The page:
About Me

Wednesday, April 18, 2012

Q Is For Quilting Memories

The special appeal of making patchwork quilts is that you find yourself crafting with your soul. Woven into every quilt we make are bits of imagination, history and memories. One of my most rewarding projects is a special collection of miniature quilts.

Even the materials used had special significance. I had the privilege  during her last few months of caring for my youngest sister who died of a brain tumor. We worked together, tying up the loose strands of life’s business as she prepared for her homecoming. Also an avid crafter, she gave me permission to pack up anything I wanted to take home with me.

Upon my return, there were several boxes of material I had shipped confronting me. I gave some thought to what I’d like to do with all this newly acquired supply. I wanted some task that would commemorate my sister’s passing and help ease the grief of her loss. I decided to use Jeannette’s material to construct miniature quilts for my three remaining sisters and myself. Since we all live in different states, these quilts would be a way to remember one another and the sister who was no longer with us. To make them extra special, I used my sister’s accumulation of Christmas prints.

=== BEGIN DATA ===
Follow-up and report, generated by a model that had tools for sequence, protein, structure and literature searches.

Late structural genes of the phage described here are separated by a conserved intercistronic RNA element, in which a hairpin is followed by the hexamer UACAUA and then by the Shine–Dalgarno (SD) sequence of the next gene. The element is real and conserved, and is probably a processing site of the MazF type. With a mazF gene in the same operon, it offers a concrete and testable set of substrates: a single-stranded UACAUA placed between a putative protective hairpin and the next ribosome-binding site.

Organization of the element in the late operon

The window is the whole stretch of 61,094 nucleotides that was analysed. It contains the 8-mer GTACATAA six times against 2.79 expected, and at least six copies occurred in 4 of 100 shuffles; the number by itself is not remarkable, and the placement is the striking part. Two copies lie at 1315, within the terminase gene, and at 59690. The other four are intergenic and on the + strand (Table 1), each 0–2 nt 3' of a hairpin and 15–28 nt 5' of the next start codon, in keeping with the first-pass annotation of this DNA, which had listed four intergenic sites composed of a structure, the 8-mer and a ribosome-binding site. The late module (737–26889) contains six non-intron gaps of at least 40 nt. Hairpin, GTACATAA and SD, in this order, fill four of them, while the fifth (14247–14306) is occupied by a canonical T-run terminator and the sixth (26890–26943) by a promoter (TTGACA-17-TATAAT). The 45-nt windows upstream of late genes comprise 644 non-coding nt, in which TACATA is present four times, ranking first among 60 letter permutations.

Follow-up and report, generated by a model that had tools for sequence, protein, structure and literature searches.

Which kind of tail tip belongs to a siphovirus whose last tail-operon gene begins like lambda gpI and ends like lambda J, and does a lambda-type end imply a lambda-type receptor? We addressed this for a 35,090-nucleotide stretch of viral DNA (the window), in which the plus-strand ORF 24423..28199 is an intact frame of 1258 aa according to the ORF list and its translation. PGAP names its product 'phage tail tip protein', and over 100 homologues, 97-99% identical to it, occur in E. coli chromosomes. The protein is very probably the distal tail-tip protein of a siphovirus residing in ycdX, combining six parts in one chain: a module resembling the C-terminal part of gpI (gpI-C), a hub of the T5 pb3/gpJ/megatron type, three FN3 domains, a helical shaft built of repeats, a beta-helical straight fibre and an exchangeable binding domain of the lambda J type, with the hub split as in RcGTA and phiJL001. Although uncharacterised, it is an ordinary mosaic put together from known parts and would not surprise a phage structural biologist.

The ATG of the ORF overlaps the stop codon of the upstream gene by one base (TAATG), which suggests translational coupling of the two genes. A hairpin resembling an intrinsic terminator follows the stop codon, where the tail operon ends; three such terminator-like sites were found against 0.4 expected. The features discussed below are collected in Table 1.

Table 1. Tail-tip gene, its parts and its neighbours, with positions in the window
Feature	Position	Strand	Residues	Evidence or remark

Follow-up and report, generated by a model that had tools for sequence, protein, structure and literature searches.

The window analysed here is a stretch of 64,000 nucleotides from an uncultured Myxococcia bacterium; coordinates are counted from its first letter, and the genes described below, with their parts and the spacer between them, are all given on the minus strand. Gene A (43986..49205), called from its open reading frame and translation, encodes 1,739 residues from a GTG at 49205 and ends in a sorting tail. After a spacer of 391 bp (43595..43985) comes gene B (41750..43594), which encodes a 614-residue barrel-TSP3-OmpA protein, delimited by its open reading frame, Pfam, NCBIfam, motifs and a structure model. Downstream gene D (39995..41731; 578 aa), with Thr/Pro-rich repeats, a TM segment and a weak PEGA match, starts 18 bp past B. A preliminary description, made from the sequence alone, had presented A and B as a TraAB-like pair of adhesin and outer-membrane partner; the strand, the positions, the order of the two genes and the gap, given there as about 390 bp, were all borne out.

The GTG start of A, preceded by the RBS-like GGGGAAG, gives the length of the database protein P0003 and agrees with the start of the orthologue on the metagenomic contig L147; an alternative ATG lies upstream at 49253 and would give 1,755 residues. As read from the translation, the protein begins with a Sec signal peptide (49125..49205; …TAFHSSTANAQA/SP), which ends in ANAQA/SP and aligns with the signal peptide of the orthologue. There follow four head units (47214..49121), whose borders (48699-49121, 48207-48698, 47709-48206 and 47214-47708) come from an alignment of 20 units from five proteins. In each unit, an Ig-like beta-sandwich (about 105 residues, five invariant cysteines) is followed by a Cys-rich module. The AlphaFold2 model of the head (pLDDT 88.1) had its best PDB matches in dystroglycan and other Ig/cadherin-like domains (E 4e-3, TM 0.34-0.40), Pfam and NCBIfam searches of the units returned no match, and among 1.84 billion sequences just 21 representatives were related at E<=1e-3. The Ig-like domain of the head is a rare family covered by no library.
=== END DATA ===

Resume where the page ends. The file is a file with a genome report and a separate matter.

I am a novice quilter, seeking only to create a pleasing finished product. So, my first attempt was a basic Nine Patch quilt and was destined for a sister who lived in Connecticut. My next project followed a pattern called the Snail’s Trail. I knew the intricacy of the pattern would be appreciated by a sister who also loved to sew. This challenged my skills but after a few false starts, I was satisfied with the results.

By now, creating quilts took up an ever-increasing part of my life. For a third sister’s quilt, several patterns appealed to me. I couldn’t decide which to do. I solved the problem by making my next quilt a sampler. I made individual blocks of each of those patterns and put them together in a quilt which would go to my sister living in Arizona.

The following Christmas, each quilt was lovingly packaged with an explanatory note and mailed. Not until a year later did I find time to make that last quilt–my own. Each time that season of the year comes around, I take out my special quilt to display it. It has become a constant reminder of my “growing up years” in the midst of a loving family and causes my thoughts to dwell on those I love, both here on earth and gone ahead.

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